Artist and writer Jen Bervin embraces subjects as wide-ranging as the Mississippi River, Emily Dickinson’s poetry, and the history of silk, weaving, and nanotechnology. On February 21, 2018 the artist, Jeanne Dunning, Art Theory & Practice professor, and Susy Bielak, Susan and Stephen Wilson Associate Director of Engagement/Curator of Public Practice, sat down for a conversation about Bervin’s work. In winter 2018, Jen Bervin was the Kaplan Artist-in-Residence hosted by the Block Museum of Art.
“It is a function of poetry to locate those zones inside us that would be free, and declare them so.” – C.D. Wright
Excerpt from Opening Remarks by Susy Bielak
It is Silk Poems that first brought Jen Bervin to Northwestern. The vision, complexity, ambition, elegance, and feeling of this work rings throughout Jen’s practice. There is time given for process. There is meticulous care and sensitivity to voice and material. There is a density of beauty and depth. They all are deeply human.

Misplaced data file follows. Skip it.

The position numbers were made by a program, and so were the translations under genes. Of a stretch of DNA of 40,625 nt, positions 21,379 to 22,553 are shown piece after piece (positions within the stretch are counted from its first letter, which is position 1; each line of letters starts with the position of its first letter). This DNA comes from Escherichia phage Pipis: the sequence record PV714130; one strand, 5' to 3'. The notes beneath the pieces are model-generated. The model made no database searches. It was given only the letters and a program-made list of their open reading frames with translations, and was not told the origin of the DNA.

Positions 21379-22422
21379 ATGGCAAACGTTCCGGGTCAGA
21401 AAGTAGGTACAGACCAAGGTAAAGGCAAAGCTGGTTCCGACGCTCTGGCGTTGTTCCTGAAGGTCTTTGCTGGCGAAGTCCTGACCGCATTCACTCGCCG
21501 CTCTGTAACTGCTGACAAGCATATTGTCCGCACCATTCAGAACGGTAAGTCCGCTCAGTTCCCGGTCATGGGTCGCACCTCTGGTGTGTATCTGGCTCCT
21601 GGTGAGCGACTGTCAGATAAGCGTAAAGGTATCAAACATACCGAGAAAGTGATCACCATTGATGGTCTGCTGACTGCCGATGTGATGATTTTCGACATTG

Last year, the Block Museum and the McCormick School of Engineering embarked on an exploratory series of intensive artist visits to help us imagine ways we might embed artists within a school of engineering, across campus, Evanston and Chicago; in our landscapes and with our braintrust. Jen Bervin was one of the first artists we invited. Just over a year ago, the two of us went on a whirlwind tour of meetings with students, faculty and staff from Art History, Art Theory & Practice, the Center for the Writing Arts, Material Science, Mechanical Engineering, Northwestern Libraries, Physics, Neuroscience and Robotics, Poetry & Poetics, and the Segal Design Institute. The intensity of such a visit is not for the faint of heart, or mind. Jen brought remarkable insight and perspective to each of these conversations. That immersive visit led to Jen’s current residency.